The Toronto Raptors have not enjoyed the presence of an impact rookie since Wince Carter in ’98-’99. Other teams have happily drafted players like Damian Lillard, Derrick Rose, Kevin Durant, Stephen Curry, Chris Paul and many more, and watched them make an immediate and positive splash. We Raps fans have had to suffer through the trials and tribulations of so many youngsters, the nadir being of course Rafael Arujao. In fairness, none of our recent picks have bombed out, but none has been a Rookie of the Year candidate either.
Terrence Ross’ rookie season was another entry on this well-beaten path. TR won the Slam Dunk contest at the All-Star weekend (oh joy), but struggled with almost every element of the pro game, particularly on defense. His outside shooting, touted as the reason why Toronto “reached” for him with the #8 pick in the NCAA draft, was shaky.
TR’s second season as a pro has not been auspicious offensively, with no breakout games to his credit. So why would I even float the notion of moving him from the bench to the starting five? Here’s my reasoning, which you are welcome to critique:
- Dwane Casey seems to prefer a smaller, quicker lineup, and TR would certainly fit such a configuration.
- TR has not had the benefit of improving his game by working with the cream of the Raps’ roster for an extended period of play. When he’s on the floor, the point guard is likely to be Dwight Buycks, not Kyle Lowry. I have carped several times in this space about how TR doesn’t get the touches he needs to improve his offensive contributions. Perhaps if he’s force-fed into the starting five, Kyle and Rudy (I’m not worried about DeMar; he’s a generous passer) will be compelled to move the ball TR’s way.
- TR’s defense on the perimeter has improved sufficiently that he won’t be a liability against the opponents’ top swingmen.
- No one has a higher ceiling than TR.
Such a move impacts the starters dramatically. Rudy becomes a power forward, while DD is now the small forward. TR, with what we believe is his superior capability to shoot the 3, stays outside with Kyle. Rudy as a PF is not as outlandish as it sounds. He leads the team in blocked shots with 17, and is second in rebounds per game with 7.3.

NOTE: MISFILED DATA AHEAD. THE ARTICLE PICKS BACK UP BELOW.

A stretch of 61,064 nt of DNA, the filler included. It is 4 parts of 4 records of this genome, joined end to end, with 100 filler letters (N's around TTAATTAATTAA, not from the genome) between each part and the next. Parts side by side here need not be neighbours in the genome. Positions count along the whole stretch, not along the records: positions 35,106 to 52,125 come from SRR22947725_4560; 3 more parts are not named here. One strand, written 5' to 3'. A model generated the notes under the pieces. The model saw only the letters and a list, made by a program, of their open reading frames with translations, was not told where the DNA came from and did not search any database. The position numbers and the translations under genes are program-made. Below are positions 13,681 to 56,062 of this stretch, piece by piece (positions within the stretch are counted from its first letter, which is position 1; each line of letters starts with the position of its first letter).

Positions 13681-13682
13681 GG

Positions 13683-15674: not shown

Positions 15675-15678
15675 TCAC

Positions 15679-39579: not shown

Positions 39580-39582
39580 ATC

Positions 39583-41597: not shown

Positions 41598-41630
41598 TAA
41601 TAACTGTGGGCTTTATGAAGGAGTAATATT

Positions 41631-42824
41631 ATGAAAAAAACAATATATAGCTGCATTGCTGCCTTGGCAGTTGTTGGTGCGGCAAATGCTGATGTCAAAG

Amir Johnson, the ultimate team-first guy, moves to the bench. Jonas Valanciunas has been on a short leash all season, getting fewer minutes (27.6) per game than any other starter. TR would gain about 10 more minutes of PT than his current 18.9. I don’t think coach Casey would be greatly stressed by the challenge of finding those minutes from JV, Amir or Tyler Hansbrough.
This is not a change I would make tomorrow. The Raps have won their last 2 games, and the old saw about not changing your lineup when you’re winning still applies. I also wouldn’t do this without several days of practice, and not on the home stand. The Raps have a 3-game western swing beginning December 6 in Phoenix. What a great opportunity to unveil our new lineup on an unsuspecting Suns squad, away from the scrutiny of hometown fans. Maybe we’d have our first impact sophomore – or maybe we won’t, but I’d love to find out.
Have I convinced you, Rapture Nation? Let me know in the Comments.
Brian Boake is Senior Editor for Raptors Rapture. “Like” Raptors Rapture on Facebook and follow us on twitter @RaptorsRapture for all the latest news and updates about the best damn NBA team from Canada.
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